Back in the old days, the battered turntable I bought for five bucks at a yard sale always had space on the platter for bands like the Posies. The Sundays. Jelleyfish. Edie Brickell and her New Bohemians. So it’s not surprising that I’ve fallen immediately in love with the infectious charm contained on “Better Lives.”
While the Prog Rock styling of Galaxy Dynamite was something I had to work at to get, the new album from Feral Conservatives is like running into an old friend from college who I adored but lost track of. Digging beyond the surface, it makes sense that the work here was co-produced and mixed by Jon Auer — who was a fixture of that era of music with membership both in the aforementioned Posies and Big Star. And while I firmly believe that Demons has the best local record of the year, this one is probably my personal favorite.
To really feel Feral Conservatives, I think you need to understand the power of a singer-songwriter like Aimee Mann. Indeed, front-woman Rashie Rosenfarb shares much in common both vocally and writing-wise with the former star of Til Tuesday, who went on to release the near-and-dear-to-my-heart “Bachelor No. 2 or, the Last Remains of the Dodo.” This record feels tonally like a metaphorical daughter of that.
The sound is their most polished to date, as the group has grown from the initial mandolin/drums point/counterpoint of Rosenfarb and Matt Francis. By the time I first discovered them they had added Dan Avant to skillfully layer the acoustics with a bottom end, and in the last year or so the quad was completed with Zach Jones on guitar.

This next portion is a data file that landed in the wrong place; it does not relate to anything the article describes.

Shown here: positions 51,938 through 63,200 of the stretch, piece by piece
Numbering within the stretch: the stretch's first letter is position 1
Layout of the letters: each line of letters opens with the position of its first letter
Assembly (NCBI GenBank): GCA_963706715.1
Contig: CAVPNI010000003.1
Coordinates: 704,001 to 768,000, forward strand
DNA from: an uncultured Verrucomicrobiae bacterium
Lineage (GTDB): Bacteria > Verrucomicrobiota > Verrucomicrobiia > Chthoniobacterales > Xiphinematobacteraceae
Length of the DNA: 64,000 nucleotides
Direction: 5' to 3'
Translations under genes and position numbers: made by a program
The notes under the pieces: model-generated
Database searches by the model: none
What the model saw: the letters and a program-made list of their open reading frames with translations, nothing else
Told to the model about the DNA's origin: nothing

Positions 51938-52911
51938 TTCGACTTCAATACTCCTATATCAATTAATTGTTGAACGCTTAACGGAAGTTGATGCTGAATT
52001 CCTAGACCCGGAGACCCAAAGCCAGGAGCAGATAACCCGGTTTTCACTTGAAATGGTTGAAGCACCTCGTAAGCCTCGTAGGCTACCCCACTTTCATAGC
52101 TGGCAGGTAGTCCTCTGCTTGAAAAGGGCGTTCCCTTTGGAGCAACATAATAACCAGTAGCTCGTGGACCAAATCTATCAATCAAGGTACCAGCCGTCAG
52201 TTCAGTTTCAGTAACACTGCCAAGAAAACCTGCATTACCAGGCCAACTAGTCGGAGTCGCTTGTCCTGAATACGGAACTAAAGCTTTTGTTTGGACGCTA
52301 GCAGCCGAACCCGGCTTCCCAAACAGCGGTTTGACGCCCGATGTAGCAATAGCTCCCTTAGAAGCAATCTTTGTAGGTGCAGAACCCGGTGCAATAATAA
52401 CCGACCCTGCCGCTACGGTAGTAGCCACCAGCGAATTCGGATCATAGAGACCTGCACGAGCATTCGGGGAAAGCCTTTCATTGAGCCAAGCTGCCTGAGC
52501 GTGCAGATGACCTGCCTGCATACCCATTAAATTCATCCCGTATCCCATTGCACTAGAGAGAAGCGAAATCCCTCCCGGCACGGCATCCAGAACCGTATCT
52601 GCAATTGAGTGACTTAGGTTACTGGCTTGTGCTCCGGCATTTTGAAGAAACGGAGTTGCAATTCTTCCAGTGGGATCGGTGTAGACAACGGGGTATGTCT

There are moodier tones in the lyrics than I recall from their past work, a palpable sense of tumult and strife that belies the generally upbeat Folk-tinged brattiness that defines the bands overall sonics. Let’s be real: there’s not many bands running a lead electric mandolinist. It would be easy to coast on the novelty of that alone, but the group packs a punch with some supremely smart songwriting underneath some deceptively catchy Alt Pop. Garage Folk? Acoustic Punk? I’m still not sure how to label this music beyond the fact that I greatly enjoy it.
This is a fun, delightful record that also manages to pack emotional heft. It makes me feel young listening to it, as though I’ve stepped back in time to the late eighties/early nineties. It’s an album I would have run to the record store to pick up when I was twenty — you know, back when people bought music in record stores whose names have long faded.
None of that is to imply that Feral Conservatives sound dated in any way with this new work — but they remind me so much of that era that I can almost feel the scratchy plaid flannels I sported back then. It makes me want to wear long sleeves under short sleeves and hit the bars (that aren’t actually there anymore) over on Hampton Boulevard. Where I would almost immediately be mocked for crimes against fashion. I especially love the tracks “Cat Song,” “Sun Room,” and “Chimney Love,” but honestly — everything about this record is win.
This is a band that is growing up quickly, and this is an album that I’ll listen to for many years to come.
Go buy it. It’ll make you feel all warm and fuzzy inside.